Shear Pin Sprockets
Shear pin sprockets have been used in various industrial applications for many years. The simple yet highly intuitive design allows for a "sacrificial" component to be put in place within a piece of equipment designed to fail should an occurrence such as overloading or jamming should occur. Utilizing a shear-pin sprocket can prevent "train wreaks" in wastewater applications and severe damage to equipment in many other applications. We supply shear pin sprockets for wastewater facilities, lumber mills, plant machinery, live bottom trucks, and more!
How a shear pin sprocket works is a unique hub fastened to the sprocket with a bolted or necked shear pin. The drive's size and the equipment's safe operating load determine the shear pin diameter. When the drive is overloaded, the pin breaks or "shears"; this disconnects the drive immediately, saving it from a complete system failure. An important note about shear pin sprockets is that it is imperative to perform routine maintenance on the sprocket; this involves cleaning and greasing the pin hub face and the sprocket face; this ensures that, if needed, the shear pin mechanism will work as intended. Contact our customer support team for pricing and availability on a shear pin sprocket, and we will be happy to assist you!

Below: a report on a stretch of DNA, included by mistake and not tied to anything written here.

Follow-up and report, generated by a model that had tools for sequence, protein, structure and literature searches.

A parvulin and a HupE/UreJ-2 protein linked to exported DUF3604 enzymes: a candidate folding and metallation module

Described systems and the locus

Shear Pin Sprocket Capabilities
Our capabilities in producing and supplying shear pin sprockets are near limitless. The below list shows our shear-pin sprocket capabilities.
- ANSI & Metric Roller Chain Sprockets
- Stainless Steel Sprockets
- Mill Chain Sprockets
- Engineer-Class Sprockets
- Non-Metallic/ Plastic Sprockets
- Pintle Chain Sprockets
Shear Pin Replacement
We also offer replacement shear pins for our sprockets. It is always recommended to keep a spare shear pin on the shelf for circumstances where a shear-pin sprocket was used so you can get back up and running. Replacement shear pins are available in aluminum, stainless, carbon, or alloy steels.
Shear Pin Sprocket SelectionProperly sizing the shear pin sprocket assembly is essential. Failure to do so could result in equipment damage or frequent unwanted failures. Using one of the following formulas, calculate the torque load the pin must transmit. Once this value is established, we can determine the application's correct shear pin neck diameter.